What’s your job about?
Western Power employs a huge number of people from numerous disciplines - both engineering and non-engineering. We are the sole electricity utility in the South West of Western Australia, operating transmission, distribution and communications networks which provide power to the majority of Western Australians. As a graduate engineer, I have the opportunity to work within numerous functional business units including Asset Performance, Engineering & Design and Project Management among others.
On a daily basis, I am involved in a number of projects including asset replacements, major infrastructure deployment and new technology trials across the entire project life-cycle. This can include establishing, scoping, planning and executing projects of varying complexity and importance. To achieve a successful project outcome, contributions are required from many different people with different skill-sets.
Working as an engineer, I spend a lot of time in the office and collaborating with colleagues via meetings and workshops. We develop strategy, establish concept and detailed designs and support our operations and maintenance teams in construction and commissioning activities.
It is particularly rewarding to get out in the field and see how a design goes from an idea on a piece of paper, to a functional system supporting the company’s main objective; powering the lives of Western Australians.
What is your background?
I’m probably as Western Australian as you can get. I was born and raised in Perth and attended primary and high school here. After graduating high school, I spent a year at university studying science but decided it wasn’t for me and that I would join the work-force full time.
I have always loved technology and was able to begin forging a career in the audio-visual industry working in the corporate events space. I started out rolling up cables in the post-event wee hours, eventually moving up the ranks to a senior sales role.
Eventually, my desire to do something greater overwhelmed my desire to maintain a steady income and I decided to take the plunge and go back to University to study Engineering. Over the course of my studies, I was lucky enough to become a father to two beautiful healthy children. Although this presented a massive challenge, I was able to successfully complete my Bachelor of Engineering degree with honours, thanks to a huge amount of support from my incredible wife and family.
I am a bit older than most graduates but I am so glad I studied engineering. I now have a bright future ahead in an exciting and challenging industry that I am passionate about.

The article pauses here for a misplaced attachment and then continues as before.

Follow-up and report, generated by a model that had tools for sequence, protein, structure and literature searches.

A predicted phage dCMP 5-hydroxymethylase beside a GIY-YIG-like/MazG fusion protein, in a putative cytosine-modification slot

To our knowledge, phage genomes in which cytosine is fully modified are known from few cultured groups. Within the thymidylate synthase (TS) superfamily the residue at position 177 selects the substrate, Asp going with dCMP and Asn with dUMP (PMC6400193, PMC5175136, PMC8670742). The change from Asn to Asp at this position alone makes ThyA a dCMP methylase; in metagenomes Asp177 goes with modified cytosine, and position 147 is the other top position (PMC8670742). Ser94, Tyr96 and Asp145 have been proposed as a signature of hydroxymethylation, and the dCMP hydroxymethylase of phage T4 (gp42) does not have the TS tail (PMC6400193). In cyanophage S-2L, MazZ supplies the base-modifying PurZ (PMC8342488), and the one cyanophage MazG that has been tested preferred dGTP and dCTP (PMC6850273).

Could someone with a different background do your job?
Yes, absolutely. There are so many different engineering disciplines to choose from, so anyone with an inquisitive nature and a desire to learn more should give it a go. You will need to be able to think creatively, communicate effectively and work well in a team.
There are many problems in the world today that need dedicated passionate people to help solve them. It doesn’t matter where you are from, what language you speak, or what abilities you may have, all you need is the desire to make a difference and the fortitude to work hard to make that difference.
What is the coolest thing about your job?
The coolest thing about my job is learning all of the inner workings of the electrical and communications networks. Studying a circuit diagram in a text book is not the most exciting thing in the world but seeing how a transmission substation or high-speed microwave radio link is designed and then implemented is pretty exciting.
We tend to take our electricity supply for granted, but knowing the work that goes into designing, constructing, operating and maintaining the current network as well as planning the electricity grid of the future is extraordinary.
What are the limitations of your job?
As a graduate, I am placed in a new team and new department every six months. This means I am in some ways starting a new job every six months. You have to adapt to new team members, systems, software, expectations and responsibilities each time. This can limit the amount you can achieve in each rotation, however it also exposes you to a lot of people and processes within the business, and allows me to understand how the various departments interact to get things done.
3 pieces of advice for yourself when you were a student…